Food and Farming / At the turn of the millennium, while working for the US Census, Kukui Maunakea-Forth saw the poverty of her Nanakuli-Waianae community translated into statistics as her husband, Gary Maunakea-Forth, sent 15-year-olds to McDonald’s for their first jobs through his work at City & County Workforce Development.
“Superfluous of how bad the food is, to send someone there when they’re young is like a bullet in the head,” Gary recalls. “Seeing the poverty getting worse really irritated us, so we came up with this idea for community-based economic development. We have a history of being an agricultural community and wanted to maintain that. So we set out to couple a non-profit with a business because bottom line: we needed to create jobs for the community.”
Three years of research produced a business plan, which led almost directly to three grants that allowed Gary and Kukui to lease their first five acres from Community of Christ Church in Waianae. With additional grants and support from local and national organizations, Gary and Kukui have increased acreage over the years. Mao is now a 24-acre farm, celebrating 10 years in business.
Although Waianae was once a self-sufficient region able to produce adequate amounts of food while managing its land and water resources in a highly sustainable manner, it is currently the state’s most food insecure community with diet-related health problems. In 2008, the Hawaii Department of Agriculture’s report, “Food Self-Sufficiency in Hawaii,” defined food security as encompassing three major elements: availability (supply), access (household purchasing power), and utilization (nutritional safety and quality).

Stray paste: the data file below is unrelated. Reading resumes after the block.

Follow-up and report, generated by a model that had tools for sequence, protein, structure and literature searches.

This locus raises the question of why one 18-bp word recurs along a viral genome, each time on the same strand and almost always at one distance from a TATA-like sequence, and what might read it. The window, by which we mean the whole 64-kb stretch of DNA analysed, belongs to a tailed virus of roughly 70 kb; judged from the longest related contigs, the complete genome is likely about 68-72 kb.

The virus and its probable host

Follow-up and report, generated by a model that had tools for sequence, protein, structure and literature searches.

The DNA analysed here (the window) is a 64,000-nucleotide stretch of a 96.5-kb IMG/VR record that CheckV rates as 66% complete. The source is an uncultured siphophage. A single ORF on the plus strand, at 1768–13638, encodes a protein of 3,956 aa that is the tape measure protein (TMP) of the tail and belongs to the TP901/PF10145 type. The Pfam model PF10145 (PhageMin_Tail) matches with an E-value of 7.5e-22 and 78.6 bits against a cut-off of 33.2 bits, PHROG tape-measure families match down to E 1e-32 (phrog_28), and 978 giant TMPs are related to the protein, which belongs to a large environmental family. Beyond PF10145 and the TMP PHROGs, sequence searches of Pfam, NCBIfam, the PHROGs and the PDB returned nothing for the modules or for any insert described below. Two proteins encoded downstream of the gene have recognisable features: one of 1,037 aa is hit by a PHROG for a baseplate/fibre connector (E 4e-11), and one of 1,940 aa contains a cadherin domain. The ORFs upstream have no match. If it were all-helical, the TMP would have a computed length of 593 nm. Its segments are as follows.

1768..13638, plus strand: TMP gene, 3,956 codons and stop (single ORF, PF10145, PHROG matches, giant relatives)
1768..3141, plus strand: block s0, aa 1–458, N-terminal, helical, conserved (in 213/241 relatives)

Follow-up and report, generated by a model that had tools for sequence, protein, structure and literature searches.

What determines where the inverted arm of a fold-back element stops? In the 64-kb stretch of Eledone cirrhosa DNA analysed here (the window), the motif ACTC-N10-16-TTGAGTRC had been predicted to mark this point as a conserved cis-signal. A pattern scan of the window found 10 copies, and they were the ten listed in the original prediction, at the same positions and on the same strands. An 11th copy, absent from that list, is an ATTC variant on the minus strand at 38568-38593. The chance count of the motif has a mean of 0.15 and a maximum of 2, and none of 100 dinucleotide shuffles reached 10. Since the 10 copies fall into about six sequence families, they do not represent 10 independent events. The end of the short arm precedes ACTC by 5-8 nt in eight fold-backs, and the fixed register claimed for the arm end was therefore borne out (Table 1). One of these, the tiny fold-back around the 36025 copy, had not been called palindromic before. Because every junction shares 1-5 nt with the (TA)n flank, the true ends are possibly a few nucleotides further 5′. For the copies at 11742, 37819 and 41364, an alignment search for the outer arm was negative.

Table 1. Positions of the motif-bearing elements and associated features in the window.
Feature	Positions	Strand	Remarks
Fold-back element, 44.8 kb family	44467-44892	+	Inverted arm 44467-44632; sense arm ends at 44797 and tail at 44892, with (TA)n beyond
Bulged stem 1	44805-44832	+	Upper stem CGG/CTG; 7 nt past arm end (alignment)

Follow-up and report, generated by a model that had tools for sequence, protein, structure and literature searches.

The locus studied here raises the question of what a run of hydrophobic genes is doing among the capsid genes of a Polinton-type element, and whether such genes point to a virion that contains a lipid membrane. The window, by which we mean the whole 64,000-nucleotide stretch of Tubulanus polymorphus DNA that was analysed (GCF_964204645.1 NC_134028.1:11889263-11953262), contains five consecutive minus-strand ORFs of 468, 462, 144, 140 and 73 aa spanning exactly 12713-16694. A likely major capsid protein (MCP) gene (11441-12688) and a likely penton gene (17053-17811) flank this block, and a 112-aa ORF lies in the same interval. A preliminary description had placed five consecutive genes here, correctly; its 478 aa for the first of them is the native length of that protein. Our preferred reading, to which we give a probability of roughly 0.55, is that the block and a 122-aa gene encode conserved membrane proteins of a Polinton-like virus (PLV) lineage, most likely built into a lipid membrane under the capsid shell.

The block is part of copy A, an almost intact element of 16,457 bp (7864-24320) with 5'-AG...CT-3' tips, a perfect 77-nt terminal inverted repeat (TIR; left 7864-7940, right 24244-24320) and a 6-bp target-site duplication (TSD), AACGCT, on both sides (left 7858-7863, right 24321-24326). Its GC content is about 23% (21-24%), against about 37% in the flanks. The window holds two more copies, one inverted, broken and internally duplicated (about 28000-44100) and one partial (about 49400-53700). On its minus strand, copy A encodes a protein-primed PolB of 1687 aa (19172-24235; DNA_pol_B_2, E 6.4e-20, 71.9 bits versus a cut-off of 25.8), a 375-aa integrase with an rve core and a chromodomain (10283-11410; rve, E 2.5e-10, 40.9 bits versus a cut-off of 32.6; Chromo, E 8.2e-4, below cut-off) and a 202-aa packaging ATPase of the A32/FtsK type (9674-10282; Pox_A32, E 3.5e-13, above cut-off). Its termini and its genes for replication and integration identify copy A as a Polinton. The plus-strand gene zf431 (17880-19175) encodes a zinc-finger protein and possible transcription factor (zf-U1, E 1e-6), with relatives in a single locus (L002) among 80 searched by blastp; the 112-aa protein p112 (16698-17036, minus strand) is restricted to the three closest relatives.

The report states that 85-90 percent of Hawaii’s food is currently imported, which makes residents particularly vulnerable to natural disasters and global events that would disrupt shipping and food supply. Just three decades ago, Hawaii was self-sufficient in milk. Today, three dairies remain and the average price for a gallon of milk is $7, due to increasing oil prices.
While Hawaii’s land is ideal for double and triple cropping, (exemplified by the Native Hawaiian subsistence economy within traditional ahupua’a land systems), modern Hawaii has had a dependent economy based on an industrial agriculture practice called monocropping–high-yield production of a single crop year after year on the same land (i.e. sugar cane and pineapple plantations). In addition to damaged soil and increased dependence on fertilizers and pesticides, monocropping dominates viable farmland and essentially creates a society unable to feed itself or even produce basic goods necessary for daily life.
Today, genetically modified seed farms are Hawaii’s largest agricultural sector, valued at $223 million in 2010. Hawaii has the largest number of experimental biotech crop trials in the country. Make no mistake: bioengineered seed firms are the new sugar barons of Hawaii.
“Any small farmer wishing to engage in the economy is up against a host of established brokers, agribusiness conglomerates and politicians who act as agents for them and who have a vested interest in prolonging their own profits and goals,” says Carlos Andrade, Director of Hawaiian Studies at UH–Manoa.
Gary agrees that farming in Hawaii is a land use issue, which makes it political. “The type of agriculture that brings in the most money is supported, and right now GMO seed production is what brings in the most money,” he says. “But seed will leave just like sugar and pineapple did when they find it too expensive to export from here. Yet, it’s really hard for small farmers here because of the short-term leases that are difficult to finance.”